DUBLIN – Papua New Guinean writers may find it useful and educational to research the meaning of the names in the language of their own locality.
In most languages, personal names and family names have meanings. For example the original meaning of “Peter” is “Rock” and the name Stella means “Star”.
It may be that parents nowadays choose a name for a child more because of sound rather than meaning, but it is still interesting to ponder the meaning of PNG names.
I look at the names of some of the writers who contribute to PNG Attitude and wonder what they mean. I look at politicians names and wonder if they have meaning.
In the Hagen area some personal names are taken from the names of birds or animals or insects.
A former politician from Western Highlands was Raphael Doa. Doa (also spelt ndoa) is the name for an eagle. Paraka, another common Hagen name is Melpa for the Ragianna Bird of Paradise. Goimba is a type of grasshopper. Watinga is a type of possum.
Former Governor Robert Lak’s name would have originally been pronounced lgak and refrred to “layers” or “things piled on top of each other”.
Olga can mean “above” or “on top” (not to be confused with oka which is a sweet-potato). The name Wingti means “holy” or “sacred”. Wamp means “people”.
Some Hagen names related to skin complexion. Poembra indicated a dark or black skin and Kund a light or red skin.
Some language groups also had pair-names. For example in the Hagen (Melpa) language you might find two male cousins one of whom was called Timbi and another called Raime. Timbi is the Hagen name for “wild pig” and Raime is a “cassowary”.
Dum and Data are also pair names. Likewise two female cousins might be called Mipil and Rangunt, the names of stars. Mants and Rong form another pair of names given to related females.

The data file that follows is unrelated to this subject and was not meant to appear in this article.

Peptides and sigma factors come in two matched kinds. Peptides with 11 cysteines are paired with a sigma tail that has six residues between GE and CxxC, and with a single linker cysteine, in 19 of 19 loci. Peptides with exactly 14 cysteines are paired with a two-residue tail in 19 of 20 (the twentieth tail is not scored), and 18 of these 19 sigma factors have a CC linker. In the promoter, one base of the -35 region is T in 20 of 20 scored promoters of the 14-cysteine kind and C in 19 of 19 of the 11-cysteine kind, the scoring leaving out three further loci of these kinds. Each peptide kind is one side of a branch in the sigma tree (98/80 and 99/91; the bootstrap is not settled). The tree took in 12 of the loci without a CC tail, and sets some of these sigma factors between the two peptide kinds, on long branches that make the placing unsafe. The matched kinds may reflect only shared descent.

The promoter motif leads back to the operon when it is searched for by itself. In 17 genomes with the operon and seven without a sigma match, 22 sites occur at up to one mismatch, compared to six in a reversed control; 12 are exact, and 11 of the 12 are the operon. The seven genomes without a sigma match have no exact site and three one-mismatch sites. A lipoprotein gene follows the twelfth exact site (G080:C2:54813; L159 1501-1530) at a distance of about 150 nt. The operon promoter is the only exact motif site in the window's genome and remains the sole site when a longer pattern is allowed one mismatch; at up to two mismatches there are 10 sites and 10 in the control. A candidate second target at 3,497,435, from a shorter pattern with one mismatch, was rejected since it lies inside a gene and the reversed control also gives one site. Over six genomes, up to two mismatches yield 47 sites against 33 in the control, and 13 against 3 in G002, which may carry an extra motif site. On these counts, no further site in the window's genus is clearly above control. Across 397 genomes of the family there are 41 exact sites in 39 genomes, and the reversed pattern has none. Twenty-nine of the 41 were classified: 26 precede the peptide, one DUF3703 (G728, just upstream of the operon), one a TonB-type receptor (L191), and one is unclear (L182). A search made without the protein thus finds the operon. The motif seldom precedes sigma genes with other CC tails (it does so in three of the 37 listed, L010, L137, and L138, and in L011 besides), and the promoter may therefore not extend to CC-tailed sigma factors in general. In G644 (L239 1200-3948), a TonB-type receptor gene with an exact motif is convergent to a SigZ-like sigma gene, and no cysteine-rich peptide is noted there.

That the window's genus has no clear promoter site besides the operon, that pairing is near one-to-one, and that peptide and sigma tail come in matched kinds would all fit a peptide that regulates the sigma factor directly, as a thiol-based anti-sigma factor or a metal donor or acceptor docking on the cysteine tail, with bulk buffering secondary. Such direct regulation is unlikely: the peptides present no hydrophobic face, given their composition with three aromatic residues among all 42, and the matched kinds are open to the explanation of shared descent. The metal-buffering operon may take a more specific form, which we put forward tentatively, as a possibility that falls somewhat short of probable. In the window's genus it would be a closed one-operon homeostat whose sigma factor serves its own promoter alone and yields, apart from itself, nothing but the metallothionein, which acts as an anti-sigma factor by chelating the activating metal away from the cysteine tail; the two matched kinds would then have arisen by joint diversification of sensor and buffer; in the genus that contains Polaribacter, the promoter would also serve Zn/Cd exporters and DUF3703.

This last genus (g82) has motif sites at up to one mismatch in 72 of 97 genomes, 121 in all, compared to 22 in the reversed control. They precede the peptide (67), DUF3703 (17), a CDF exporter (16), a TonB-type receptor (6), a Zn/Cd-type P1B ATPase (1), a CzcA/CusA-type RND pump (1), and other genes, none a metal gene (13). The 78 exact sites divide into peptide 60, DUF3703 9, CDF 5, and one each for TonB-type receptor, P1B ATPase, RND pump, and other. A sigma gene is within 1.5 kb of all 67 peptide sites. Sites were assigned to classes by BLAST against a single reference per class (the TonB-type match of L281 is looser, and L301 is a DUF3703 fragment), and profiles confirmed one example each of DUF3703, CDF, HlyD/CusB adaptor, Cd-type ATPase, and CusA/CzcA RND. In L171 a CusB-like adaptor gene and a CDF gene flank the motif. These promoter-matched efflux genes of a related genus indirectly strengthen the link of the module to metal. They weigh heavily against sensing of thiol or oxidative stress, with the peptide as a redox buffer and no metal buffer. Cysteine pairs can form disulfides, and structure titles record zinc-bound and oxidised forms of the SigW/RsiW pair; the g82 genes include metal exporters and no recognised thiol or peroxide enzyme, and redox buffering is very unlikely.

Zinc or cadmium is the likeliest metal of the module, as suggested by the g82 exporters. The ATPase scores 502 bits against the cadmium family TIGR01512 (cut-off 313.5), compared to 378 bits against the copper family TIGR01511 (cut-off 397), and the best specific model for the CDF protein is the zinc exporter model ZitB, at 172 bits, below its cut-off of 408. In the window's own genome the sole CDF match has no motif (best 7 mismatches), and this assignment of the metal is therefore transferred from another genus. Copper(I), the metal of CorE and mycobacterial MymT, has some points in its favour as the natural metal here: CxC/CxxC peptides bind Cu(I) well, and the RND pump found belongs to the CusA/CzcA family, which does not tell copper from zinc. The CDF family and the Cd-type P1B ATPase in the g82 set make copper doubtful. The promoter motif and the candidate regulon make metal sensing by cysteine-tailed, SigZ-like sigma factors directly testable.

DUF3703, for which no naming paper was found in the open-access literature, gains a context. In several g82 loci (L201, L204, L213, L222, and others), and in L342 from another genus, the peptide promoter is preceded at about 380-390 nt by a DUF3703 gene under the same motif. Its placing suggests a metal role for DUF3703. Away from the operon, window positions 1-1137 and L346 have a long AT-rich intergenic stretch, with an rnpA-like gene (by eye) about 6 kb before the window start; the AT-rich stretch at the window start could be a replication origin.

I am sure other language or cultural groups are equally rich in the meaning of personal names. However some of this knowledge will be lost if not written down.
I do not have an extensive knowledge of Hagen names, but what I do know I have found fascinating and instructive. I believe that research into the meanings of local personal and family names would be rewarding and informative.
Some familiarity with PNG names can also help expatriates avoid confusion.
An Australian manager of a trucking company based in Hagen told me that he had decided to get to know the names of his drivers.
So one morning he called them together and asked their names. He said to the first driver, “What’s your name?”, receiving the answer “Kerua”, which he wrote down.
He asked a few more drivers and then one driver said, “Why?”
The irate manager retorted, “Why am I asking for your name? Because I want to know, that’s why!”
The other drivers quickly explained that the name of the driver was Wai. In fact Wai is not an uncommon name in Hagen, one of the well-known Jika leaders is Wai Rapa.
Many years ago when I was relatively new in PNG, I was taking names of people who wanted to get married.
I knew a bit of the Melpa language and could ask basic questions. So I asked the young bride-to-be, “What is your father’s name?” and she answered, in Melpa, Kurum.
I dutifully entered Kurum as her father’s name in the pre-nuptial form. Later I could not find that name in our card index (Fr Ross had boxes of index cards with names of parishioners) and told the catechist I could not find the card and he laughed.
He explained the young lady had told me that her father was dead (kurum). According to custom she could not call his name, so she simply answered, “he is dead.”
What’s in a name? Maybe sometimes there’s more than we expected.